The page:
Hefty fine for Cyprus forex firm welcomed

2 mins read

The Cyprus Securities and Exchange Commission’s (CySEC) hefty fine of a forex firm for not complying with financial regulations has been welcomed by the industry as showing the regulator has teeth.

The CEO of Limassol forex firm PFX Financial Professionals was slapped with €350,000 fine and a 10-year ban on trading, another senior director received a three-year ban for “negligence and non-compliance” with investment rules.

There was no mention whether the CEO and director defrauded their investors, if they took the money and ran or if it was simply a case of non-compliance with trading regulations.

In the past, several forex brokers facing financial trouble or poor placement of clients’ funds have allowed for their license to lapse and accepted slap-on-the-wrist fines.

A leading financial consultant said the CySEC fine is an encouraging development for the future of the sector.

“Although Cyprus’ reputation has taken more severe hits from press coverage of cases in which there appears to be a Cyprus link, the country’s investment sector is also tarnished from time to time from cases of companies who willfully or not, do not comply with regulations.”

He argued it is encouraging that Cyprus has a regulatory body which is taking measures to keep the sector in order, keeping any institutions or financial professionals who do not comply with the regulatory framework away.

He said the financial industry is huge, and that there is always the possibility that some participants will not be operating within the regulatory framework.

“The penalties imposed can be perceived as proportionate and dissuasive sanctions, acting as a warning to companies to conform with regulations of the market.”

He noted that such decisions boost the confidence of investors, which in turn reflects on the jurisdiction, making it more respectable.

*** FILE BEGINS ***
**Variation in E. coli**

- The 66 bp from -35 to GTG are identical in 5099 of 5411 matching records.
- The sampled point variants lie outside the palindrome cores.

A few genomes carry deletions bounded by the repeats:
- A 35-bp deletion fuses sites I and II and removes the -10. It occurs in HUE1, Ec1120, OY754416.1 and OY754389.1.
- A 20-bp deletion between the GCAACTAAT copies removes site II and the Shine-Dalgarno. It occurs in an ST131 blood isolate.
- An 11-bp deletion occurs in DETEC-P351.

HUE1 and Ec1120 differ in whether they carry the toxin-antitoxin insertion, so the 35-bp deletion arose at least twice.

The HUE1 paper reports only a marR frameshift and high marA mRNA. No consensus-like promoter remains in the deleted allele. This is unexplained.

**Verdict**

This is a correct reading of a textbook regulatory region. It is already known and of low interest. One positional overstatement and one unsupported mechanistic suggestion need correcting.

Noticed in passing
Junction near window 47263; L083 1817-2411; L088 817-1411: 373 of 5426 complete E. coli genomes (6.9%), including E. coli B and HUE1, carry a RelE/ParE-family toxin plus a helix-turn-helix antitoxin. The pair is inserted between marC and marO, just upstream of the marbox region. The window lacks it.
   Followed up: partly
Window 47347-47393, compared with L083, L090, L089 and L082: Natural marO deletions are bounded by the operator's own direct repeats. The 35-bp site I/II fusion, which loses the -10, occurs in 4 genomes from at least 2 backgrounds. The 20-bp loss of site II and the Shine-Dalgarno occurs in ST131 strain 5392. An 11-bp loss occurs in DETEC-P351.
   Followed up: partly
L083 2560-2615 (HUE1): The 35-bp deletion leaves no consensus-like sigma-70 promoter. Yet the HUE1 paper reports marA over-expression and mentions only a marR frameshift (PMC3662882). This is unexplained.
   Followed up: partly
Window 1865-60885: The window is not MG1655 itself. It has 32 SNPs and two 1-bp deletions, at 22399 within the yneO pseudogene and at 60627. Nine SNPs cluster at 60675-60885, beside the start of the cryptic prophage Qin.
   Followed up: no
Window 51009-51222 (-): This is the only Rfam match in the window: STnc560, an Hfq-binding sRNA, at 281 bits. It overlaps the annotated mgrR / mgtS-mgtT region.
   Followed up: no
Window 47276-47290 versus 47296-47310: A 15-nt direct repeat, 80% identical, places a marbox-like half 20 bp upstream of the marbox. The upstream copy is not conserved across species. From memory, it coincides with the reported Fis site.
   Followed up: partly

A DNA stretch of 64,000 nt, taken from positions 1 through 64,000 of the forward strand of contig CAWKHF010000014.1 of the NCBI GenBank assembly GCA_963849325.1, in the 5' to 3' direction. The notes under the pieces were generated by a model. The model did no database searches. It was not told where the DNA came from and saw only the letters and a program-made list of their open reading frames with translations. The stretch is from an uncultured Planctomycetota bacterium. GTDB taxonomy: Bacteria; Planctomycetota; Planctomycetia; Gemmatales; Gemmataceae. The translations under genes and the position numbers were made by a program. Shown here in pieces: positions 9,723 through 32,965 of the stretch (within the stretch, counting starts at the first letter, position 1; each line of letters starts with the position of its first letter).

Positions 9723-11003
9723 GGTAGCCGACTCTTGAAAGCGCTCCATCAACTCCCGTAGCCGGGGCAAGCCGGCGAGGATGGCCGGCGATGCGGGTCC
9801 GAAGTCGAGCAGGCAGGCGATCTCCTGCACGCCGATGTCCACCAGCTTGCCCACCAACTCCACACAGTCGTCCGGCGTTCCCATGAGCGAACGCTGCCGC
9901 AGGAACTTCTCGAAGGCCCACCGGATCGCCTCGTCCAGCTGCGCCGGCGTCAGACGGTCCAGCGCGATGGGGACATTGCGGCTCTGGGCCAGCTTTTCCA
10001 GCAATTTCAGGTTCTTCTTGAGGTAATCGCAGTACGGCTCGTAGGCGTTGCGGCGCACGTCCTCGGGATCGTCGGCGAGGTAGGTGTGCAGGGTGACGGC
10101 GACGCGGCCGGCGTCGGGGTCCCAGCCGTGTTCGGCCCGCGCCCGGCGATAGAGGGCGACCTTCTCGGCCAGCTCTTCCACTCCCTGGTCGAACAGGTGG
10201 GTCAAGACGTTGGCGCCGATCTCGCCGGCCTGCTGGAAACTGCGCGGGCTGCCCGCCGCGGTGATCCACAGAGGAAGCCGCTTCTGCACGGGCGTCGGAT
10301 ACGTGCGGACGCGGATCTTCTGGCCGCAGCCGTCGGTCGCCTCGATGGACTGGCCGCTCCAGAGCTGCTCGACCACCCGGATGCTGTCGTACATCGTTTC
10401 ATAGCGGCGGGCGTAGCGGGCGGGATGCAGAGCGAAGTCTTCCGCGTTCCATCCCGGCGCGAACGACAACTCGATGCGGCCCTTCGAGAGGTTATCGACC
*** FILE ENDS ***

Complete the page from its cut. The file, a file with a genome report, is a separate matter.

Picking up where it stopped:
The consultant called on investors, particularly retail investors to keep their eyes open when placing their money with investment companies, always requesting to see proof that the company and its officials are regulated by the proper authorities.

CySEC Chair Demetra Kalogirou said: “There is no place in Cyprus for individuals who wish to conduct business without adhering to the rules and regulations in place to protect investors and uphold the standards of a robust financial market.”

A source close to CySEC said that the board wanted to send out a harsh message to forex firms and other companies that they cannot get away with negligence and non-compliance with the rules.

The first notice against now-defunct PFX was in November 2016, when CySEC issued an initial suspension, pending clarification from the forex trader, in October 2018 the company was forced out of business.

Last week, CySEC issued its final punishment, saying it was banning CEO Evgenios Martinides and its executive director Yaroslav Martynenko from the financial services sector over their omission and negligence while in office.

CySEC’s withdrawal of the company’s license is a result of the investigation into PFX which found that its non-compliance with the Investment Services and Activities and Regulated Markets Law of 2007 was due to the “fault, willful omission and negligence” of the company’s executive directors.

Specifically, breaches in compliance included inadequately addressing concerns with the conduct of business obligations when providing investment services to clients and failing to properly submit financial accounts and other information required by CySEC in a complete and accurate manner.

The parent company, FX Financial Professionals Ltd, operated the retail forex broker FXFINPRO at website fxfinpro.com, while the company also operated the portfolio management company FINPRO Investments at finproinvest.com.

Retail investors who lost their money placed with the company will be able to claim part of their cash, some three and a half years after the Limassol-based forex broker’s license was suspended by the regulator.

According to a source close to the CySEC, duped investors can claim up to €20,000 each from the compensation fund.